The other day, the college-age daughter of a friend received an e-letter from a Marine Corps Officer Selection Officer, inviting her to “an awesome summer training program called the Platoon Leader’s Course.” Think of it as Marine Corps summer camp. No uniforms (“This is not ROTC!”), but reasonable amounts of moolah. Here’s some of what was on offer to her, part of a desperate military’s Iraq-era appeal to citizenly duty:
“You will earn approximately $2,400 (six weeks) or $4,000 (ten weeks) plus room and board during the training. How’s that for a summer job?…. You will not incur any obligation to the Marine Corps even after completing the training. (You can choose whether or not to continue with the program)…. Tuition assistance will be available to you after you complete training this summer. You could potentially earn $8,000 to $25,000 for school, depending on graduation date.”
Imagine! The Marine Corps is willing to pay young people to go to a uniform-less summer camp to test their “leadership potential,” with no commitment to the Corps necessary. Consider that; then consider what was certainly the President’s only significant decision of the holiday season past–to permanently expand the US military by as many as 70,000 troops.
Now, as in some old math problem, the question is: How do you connect these two points. (Hint: Not with a straight line.)
Faced with a December shot across the bow in testimony before Congress by Army Chief of Staff Peter J. Schoomaker, who warned that the Army “will break” under present war-zone rotation needs, President Bush responded by addressing the “stressed” nature of the US Armed Forces. He said, “I’m inclined to believe that we do need to increase our troops–the Army, the Marines. And I talked about this to Secretary [Robert A.] Gates, and he is going to spend some time talking to the folks in the building [the Pentagon], come back with a recommendation to me about how to proceed forward on this idea.” All this was, he added, “to meet the challenges of a long-term global struggle against terrorists.”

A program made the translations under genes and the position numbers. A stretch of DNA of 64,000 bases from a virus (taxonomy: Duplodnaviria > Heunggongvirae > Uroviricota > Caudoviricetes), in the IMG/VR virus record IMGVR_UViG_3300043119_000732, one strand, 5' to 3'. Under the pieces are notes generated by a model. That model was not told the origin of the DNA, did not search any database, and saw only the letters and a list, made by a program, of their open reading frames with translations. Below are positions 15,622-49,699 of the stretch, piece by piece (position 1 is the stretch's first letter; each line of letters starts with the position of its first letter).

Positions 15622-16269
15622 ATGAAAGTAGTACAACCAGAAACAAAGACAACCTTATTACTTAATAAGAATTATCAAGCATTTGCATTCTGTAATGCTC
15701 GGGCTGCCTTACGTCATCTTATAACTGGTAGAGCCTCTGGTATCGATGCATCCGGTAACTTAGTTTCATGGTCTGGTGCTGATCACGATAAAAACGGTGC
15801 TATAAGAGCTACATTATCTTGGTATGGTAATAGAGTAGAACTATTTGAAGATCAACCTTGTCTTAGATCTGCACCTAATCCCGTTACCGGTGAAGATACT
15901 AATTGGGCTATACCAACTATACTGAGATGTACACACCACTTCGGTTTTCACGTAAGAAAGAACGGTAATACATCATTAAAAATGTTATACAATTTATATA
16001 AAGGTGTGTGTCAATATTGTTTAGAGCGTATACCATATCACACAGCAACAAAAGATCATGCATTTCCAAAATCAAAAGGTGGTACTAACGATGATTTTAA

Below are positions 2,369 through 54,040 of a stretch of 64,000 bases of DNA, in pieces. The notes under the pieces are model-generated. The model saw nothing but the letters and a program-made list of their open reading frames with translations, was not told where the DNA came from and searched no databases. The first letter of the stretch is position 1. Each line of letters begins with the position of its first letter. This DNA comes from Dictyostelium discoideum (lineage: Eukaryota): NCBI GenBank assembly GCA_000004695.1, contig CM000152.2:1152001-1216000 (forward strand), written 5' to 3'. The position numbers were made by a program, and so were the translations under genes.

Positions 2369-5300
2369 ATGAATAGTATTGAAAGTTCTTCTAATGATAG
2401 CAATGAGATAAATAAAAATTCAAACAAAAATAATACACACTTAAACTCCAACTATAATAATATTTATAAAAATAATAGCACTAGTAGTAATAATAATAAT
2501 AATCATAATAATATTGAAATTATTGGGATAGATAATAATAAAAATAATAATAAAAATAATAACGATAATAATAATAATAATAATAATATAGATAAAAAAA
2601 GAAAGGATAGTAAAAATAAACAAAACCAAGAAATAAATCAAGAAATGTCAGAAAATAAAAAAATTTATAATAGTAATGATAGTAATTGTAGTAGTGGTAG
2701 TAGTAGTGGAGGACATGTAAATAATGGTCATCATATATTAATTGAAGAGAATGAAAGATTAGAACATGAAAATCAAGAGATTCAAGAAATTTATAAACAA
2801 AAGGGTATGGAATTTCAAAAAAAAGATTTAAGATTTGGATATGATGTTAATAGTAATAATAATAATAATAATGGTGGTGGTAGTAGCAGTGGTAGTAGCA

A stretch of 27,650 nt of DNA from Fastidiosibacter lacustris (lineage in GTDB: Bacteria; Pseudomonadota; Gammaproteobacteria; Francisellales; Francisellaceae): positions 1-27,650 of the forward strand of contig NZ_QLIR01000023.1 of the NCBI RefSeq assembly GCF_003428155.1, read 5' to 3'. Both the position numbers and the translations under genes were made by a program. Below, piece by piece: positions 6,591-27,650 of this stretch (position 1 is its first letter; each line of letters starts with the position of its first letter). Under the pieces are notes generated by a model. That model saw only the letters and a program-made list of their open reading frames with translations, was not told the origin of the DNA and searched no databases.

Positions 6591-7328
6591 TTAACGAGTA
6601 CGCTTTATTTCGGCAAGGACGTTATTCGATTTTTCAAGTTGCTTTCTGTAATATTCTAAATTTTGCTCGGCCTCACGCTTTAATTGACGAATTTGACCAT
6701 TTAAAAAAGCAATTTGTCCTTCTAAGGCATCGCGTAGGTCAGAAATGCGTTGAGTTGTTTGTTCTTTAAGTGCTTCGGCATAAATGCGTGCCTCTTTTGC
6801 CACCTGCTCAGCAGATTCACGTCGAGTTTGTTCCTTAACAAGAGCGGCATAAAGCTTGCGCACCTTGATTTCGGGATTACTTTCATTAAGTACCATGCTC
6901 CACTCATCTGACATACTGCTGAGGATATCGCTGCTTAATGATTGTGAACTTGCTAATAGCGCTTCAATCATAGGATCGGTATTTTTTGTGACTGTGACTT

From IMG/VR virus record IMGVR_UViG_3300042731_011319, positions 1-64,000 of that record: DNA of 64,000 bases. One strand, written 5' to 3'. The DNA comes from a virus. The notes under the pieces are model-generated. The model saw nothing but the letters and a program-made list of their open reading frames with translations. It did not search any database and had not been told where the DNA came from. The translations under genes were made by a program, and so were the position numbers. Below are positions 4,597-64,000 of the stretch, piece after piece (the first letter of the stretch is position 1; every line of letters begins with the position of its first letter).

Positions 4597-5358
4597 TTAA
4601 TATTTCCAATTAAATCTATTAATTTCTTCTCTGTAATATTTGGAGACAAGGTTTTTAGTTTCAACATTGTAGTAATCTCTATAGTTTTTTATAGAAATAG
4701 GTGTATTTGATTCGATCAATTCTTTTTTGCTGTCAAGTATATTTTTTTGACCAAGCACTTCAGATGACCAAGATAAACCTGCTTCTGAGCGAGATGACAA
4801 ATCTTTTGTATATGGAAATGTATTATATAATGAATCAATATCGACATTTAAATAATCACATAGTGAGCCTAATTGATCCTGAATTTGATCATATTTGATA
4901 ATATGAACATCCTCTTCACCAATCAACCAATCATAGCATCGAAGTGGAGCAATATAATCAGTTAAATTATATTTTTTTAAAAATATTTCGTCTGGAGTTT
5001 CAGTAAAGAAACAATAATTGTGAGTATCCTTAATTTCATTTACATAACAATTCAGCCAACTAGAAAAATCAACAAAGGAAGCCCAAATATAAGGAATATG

Ah… that makes things clearer.
Of course, to get those new “volunteer” officers and men, who have generally been none too eager to volunteer for the Army and the Marines in the midst of a disastrous, far-away, increasingly incomprehensible set of double wars, you’ll have to pay even more kids more money to go to no-commitment summer camp; and, while you’re at it, you’ll have to lower standards for the military radically. You’ll have to let in even more volunteers without high school diplomas but with “moral” and medical “waivers” for criminal records and mental problems. You’ll have to fast-track even more new immigrants willing to join for the benefits of quick citizenship; you’ll have to ramp up already high cash bonuses of all sorts; you’ll have to push the top-notch ad agency recently hired on a five-year contract for a cool billion dollars to rev up its new “Army Strong” recruitment drive even higher; you’ll certainly have to jack up the numbers of military recruiters radically, to the tune of perhaps a couple of hundred million more dollars; and maybe just for the heck of it, you better start planning for the possibility of recruiting significant numbers of potential immigrants before they even think to leave their own countries. After all, it’s darn romantic to imagine a future American all-volunteer force that will look more like the old French Foreign Legion–or an army of mercenaries anyway. All in all, you’ll have to commit to the fact that your future soldier in your basic future war will cost staggering sums of money to hire and even more staggering sums to retain after he or she has had a taste of what “leadership potential” really entails.